Elly Vintiadis, Constantinos Mekios
Oxford University Press, Oct 25, 2018 - Philosophy - 288 pages
Brute facts are facts that don't have explanations. They are instrumental in our attempts to provide adequate justifications for other facts or phenomena. Brute facts inform many people's views about the structure of the world, and are part of philosophical interpretations in metaphysics and the philosophy of science. Yet, despite the considerable literature on explanation, the question of bruteness has been left largely unexamined. The chapters in Brute Facts address this gap in academic thought by exploring the central considerations which surround this topic. How can we draw a distinction between facts that can reasonably be thought of as brute and facts for which further explanation is possible? Can we explain something and gain understanding by appealing to brute facts? Is naturalism inconsistent with the existence of (non-physical) brute facts? Can modal facts be brute facts? Are emergent facts brute? This volume brings together contributions by authors who offer different answers to these questions. In presenting a range of different viewpoints on these matters, Brute Facts engages with major debates in contemporary philosophy concerning modality, naturalism, consciousness, reduction and explanation.
What people are saying - Write a review
We haven't found any reviews in the usual places.
Must There be Brute Facts?
How to Make the Case for Brute Facts
Bruteness and Supervenience Mind vs Morality
Brute Necessity and the MindBody Problem
Are Modal Facts Brute Facts?
Truthmaking and the Mysteries of Emergence
Are There Brute Facts aboutConsciousness?
The Provenance of Consciousness
Brute Facts about Emergence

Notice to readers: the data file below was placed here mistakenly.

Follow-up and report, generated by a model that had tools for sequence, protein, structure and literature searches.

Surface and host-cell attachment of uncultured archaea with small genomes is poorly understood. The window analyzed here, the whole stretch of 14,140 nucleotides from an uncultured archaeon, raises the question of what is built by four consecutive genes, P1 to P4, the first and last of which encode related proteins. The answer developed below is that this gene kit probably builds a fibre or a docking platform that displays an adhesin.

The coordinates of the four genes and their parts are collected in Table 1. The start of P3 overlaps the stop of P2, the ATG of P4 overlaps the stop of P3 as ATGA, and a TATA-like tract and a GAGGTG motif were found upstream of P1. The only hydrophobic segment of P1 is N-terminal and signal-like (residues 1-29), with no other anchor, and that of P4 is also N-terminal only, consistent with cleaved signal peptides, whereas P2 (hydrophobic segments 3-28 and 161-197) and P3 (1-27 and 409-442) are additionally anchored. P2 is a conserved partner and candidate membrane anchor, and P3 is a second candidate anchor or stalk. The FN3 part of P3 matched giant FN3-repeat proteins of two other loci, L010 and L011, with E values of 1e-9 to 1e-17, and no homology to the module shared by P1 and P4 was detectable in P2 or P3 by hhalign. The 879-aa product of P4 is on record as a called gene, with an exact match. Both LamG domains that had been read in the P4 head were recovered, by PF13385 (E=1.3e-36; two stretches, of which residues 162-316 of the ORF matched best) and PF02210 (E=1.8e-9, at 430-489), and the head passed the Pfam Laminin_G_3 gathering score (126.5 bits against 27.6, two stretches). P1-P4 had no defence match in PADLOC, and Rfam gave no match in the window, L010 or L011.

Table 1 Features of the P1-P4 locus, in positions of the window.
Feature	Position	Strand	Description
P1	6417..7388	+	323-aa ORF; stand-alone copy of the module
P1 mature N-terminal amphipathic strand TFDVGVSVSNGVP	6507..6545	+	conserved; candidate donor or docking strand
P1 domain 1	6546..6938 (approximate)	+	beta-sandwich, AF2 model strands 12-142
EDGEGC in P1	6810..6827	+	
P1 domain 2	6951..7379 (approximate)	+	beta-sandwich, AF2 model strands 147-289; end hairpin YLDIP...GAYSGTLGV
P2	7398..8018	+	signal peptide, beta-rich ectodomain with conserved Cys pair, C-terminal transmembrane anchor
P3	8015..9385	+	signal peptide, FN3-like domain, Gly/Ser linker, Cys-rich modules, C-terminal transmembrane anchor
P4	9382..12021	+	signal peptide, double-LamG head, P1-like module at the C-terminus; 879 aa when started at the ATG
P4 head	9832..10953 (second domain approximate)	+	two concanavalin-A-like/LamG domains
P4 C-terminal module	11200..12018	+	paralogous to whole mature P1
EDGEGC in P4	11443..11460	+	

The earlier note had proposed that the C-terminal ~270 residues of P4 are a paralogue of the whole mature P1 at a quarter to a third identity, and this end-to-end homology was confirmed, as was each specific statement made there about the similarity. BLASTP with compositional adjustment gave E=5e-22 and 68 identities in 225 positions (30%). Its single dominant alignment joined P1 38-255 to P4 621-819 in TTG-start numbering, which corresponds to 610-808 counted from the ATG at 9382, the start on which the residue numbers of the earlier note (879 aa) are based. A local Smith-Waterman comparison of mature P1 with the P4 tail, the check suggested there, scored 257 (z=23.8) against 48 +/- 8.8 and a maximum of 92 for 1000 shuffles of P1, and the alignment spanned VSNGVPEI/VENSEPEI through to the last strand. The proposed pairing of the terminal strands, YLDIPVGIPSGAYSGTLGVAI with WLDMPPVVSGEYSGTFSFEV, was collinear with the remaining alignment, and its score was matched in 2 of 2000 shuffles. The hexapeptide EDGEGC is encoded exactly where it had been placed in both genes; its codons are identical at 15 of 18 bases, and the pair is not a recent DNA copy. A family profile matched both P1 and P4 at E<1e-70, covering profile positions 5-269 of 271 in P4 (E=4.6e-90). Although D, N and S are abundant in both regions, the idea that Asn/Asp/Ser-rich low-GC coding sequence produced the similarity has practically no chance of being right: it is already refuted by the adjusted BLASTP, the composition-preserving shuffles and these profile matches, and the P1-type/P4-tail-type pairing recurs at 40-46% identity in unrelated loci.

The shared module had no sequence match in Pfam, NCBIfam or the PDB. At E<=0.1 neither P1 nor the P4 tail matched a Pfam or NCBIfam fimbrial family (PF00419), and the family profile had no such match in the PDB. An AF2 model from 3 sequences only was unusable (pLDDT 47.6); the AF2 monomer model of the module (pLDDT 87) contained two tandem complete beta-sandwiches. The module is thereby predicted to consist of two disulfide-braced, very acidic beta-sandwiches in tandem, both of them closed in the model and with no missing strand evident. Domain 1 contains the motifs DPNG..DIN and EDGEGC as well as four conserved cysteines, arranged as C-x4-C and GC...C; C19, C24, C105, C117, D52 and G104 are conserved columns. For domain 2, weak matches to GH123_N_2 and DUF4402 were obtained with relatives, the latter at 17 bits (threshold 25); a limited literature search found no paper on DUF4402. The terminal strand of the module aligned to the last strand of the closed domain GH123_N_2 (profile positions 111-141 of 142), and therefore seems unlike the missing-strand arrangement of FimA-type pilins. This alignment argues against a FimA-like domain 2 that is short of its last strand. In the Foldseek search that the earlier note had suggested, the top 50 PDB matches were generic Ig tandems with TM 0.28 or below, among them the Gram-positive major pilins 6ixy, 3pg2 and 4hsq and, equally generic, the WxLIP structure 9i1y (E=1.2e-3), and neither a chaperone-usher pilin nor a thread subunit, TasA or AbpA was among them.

There is Nothing Really Wrong with Emergent Brute Facts
Emergence Inexplicable but Explanatory
Naturalism Emergence and Brute Facts
Emergence Downward Causation and No Brute Facts in Biological Systems
Other editions - View all
accept Alexander argue Barnes basic Bickhard brute connections brute necessity brute phenomenal facts C. D. Broad Cameron causal closure causal powers Chalmers claim conception contingent discussion distinct emergence base emergent properties emergentism emergentists empirical entail entities epistemic epistemic gap ethical example explanation explanatory gap fundamental Goff Goswick grounds higher-level Humean idea identity infer instantiated irreducible kind knowledge argument laws Leibniz logical mental mereological metaphysical modal objects modal properties natural piety necessary truths nonmodal objects nonmodally appropriate nonphenomenal normative notion ontological dependence ontological emergence ontologically brute facts organization Oxford University Press panpsychism panpsychist particles philosophy of mind physicalist plausible possible worlds premise principle priori problem protophenomenal Qualia question reality reason relation Russellian monism Russellian panprotopsychism Schaffer scientific sense sort property Strawson strong emergence strong supervenience structural-and-dynamic supervenience theory things true truthmaking unexplained virtue weak emergence weakly emergent